I once read a children's book that was about celebrating our differences. I do not mean to undermine or underestimate the universally important message of embracing what makes each of us unique and special, but there comes a point when we, as a society (or societies, whatever the case may be) have taken things too far. Now, I know what you are thinking to yourself. You are thinking, "Self, what is she talking about?" Have no fear. I am going to tell you. (Yes, I know. This is a shocking revelation and the in-depth insight that causes you to read this blog.)
You see, this evening I invited a few friends over to watch The Proposal. I wanted to have a "normal" evening, and this was the closest to normal social activities that I could come up with. Sure, The Proposal isn't going to win any Academy Awards but it is an entertaining movie, and the only one I currently possess. Preparing for the evening made me realize that it would probably be good to diversify my movie collection, and I was thinking that I should have some of my DVD's shipped over. Except there is one catch. US DVD's don't work in the UK. And the whole situation is just making me nutty. There comes a point at which we (and by we, I mean the accusatory but unspecific "you") are being difference just for kicks.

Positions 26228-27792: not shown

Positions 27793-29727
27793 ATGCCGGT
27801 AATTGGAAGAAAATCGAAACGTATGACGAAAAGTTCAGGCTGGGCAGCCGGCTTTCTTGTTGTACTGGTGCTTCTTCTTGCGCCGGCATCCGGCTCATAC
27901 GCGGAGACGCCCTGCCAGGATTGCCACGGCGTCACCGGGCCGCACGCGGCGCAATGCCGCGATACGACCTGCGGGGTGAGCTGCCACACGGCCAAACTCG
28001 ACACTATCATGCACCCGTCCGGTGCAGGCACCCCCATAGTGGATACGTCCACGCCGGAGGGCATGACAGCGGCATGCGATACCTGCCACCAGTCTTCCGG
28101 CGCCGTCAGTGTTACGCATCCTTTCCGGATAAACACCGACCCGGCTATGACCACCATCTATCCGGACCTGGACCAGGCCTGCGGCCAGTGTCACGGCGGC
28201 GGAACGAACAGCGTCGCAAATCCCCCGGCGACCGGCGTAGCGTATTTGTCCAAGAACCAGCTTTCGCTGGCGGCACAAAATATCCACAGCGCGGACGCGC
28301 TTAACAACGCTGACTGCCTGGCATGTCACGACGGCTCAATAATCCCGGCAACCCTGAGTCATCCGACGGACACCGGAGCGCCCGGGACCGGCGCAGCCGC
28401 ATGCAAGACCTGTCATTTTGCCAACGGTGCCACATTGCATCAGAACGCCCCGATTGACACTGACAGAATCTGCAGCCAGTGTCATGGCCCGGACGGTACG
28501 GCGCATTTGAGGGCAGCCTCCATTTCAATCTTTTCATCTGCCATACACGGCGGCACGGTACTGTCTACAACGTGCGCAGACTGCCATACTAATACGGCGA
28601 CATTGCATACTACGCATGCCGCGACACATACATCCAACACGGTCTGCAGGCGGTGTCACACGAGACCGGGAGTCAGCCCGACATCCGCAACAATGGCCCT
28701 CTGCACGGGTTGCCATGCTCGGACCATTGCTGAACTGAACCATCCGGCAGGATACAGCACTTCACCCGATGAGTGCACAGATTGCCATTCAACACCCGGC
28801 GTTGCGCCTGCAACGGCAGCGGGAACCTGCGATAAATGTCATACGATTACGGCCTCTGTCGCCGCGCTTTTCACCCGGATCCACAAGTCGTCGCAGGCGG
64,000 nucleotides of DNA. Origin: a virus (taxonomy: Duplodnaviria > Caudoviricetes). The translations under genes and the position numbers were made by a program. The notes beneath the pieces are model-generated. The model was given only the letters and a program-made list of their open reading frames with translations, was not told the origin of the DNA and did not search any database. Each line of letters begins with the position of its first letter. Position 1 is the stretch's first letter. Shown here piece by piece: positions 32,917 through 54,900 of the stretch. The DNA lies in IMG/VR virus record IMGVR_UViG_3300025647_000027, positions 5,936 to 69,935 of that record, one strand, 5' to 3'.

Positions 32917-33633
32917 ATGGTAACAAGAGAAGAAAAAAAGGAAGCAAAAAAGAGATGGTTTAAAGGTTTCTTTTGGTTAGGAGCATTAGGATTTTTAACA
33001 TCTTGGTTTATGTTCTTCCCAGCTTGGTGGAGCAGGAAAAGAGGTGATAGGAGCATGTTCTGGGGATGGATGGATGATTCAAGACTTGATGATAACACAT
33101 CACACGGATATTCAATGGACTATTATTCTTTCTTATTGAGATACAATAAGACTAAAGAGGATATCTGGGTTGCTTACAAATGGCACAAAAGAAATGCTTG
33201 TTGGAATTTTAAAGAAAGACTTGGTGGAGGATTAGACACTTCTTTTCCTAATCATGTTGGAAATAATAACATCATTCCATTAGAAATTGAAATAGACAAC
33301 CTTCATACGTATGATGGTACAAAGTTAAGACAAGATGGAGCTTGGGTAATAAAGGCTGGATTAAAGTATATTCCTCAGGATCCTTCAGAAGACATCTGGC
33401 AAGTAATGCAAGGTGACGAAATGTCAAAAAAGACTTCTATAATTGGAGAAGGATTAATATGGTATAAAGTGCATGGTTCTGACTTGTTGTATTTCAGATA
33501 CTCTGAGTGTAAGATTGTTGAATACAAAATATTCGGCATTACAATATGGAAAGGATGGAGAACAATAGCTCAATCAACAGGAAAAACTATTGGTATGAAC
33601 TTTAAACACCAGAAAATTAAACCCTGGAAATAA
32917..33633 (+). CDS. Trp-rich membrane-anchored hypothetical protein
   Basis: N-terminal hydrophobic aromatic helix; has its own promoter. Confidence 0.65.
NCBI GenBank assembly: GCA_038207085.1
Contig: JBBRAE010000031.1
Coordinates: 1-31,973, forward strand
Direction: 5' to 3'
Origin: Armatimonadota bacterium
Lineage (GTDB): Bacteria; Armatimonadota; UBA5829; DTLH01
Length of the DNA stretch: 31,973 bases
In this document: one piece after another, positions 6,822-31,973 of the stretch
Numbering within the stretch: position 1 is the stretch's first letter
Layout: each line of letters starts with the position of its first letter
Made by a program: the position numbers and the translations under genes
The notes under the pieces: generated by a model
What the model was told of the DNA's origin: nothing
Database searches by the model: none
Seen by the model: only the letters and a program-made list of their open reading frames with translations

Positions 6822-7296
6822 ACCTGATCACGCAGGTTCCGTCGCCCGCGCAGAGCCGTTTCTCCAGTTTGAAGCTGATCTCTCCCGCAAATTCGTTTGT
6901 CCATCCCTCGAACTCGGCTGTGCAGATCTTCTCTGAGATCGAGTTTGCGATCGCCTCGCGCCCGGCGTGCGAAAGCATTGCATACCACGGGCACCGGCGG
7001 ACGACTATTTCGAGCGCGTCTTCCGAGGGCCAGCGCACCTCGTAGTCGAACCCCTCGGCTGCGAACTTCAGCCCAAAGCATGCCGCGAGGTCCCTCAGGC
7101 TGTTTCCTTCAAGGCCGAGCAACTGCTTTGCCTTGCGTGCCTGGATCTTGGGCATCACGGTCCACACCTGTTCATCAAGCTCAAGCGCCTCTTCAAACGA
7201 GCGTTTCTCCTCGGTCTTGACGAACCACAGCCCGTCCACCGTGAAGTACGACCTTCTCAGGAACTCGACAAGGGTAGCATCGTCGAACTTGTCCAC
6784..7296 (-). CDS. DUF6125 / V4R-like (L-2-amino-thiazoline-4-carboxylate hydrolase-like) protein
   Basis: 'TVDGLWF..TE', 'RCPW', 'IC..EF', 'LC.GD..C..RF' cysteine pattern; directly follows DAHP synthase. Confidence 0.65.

After all, if you, I mean we, are trying to prevent people from the US from developing a black market for DVD's that are released earlier and sold cheaper, I have news for you: THE INTERNET. If people want to watch movies earlier (like when they come out) and cheaper (read free) they would just stream them online. It is just another example (along with two/four hole-punched paper, blackberries that have to be unlocked, toilet flushers that are on the other side, and, oh yeah, driving on the other side of the road) of the arbitrary "uniqueness" that we have created.
As an aside, I would say something about different electrical plug-ins, but I suspect there may be a good reason, although that may be far too trusting. I won't say anything about the metric system, because--America, let's be realistic. The metric system makes far more sense. (Although, these systems create a frustrating kind of illiteracy for me. Trying to cook using measurements that I never really understood inuitively (like cups) without any measuring instruments is a grand challenge.)
Furthermore, they don't have eggplant here. That's not really a difference. It's just more of a comment.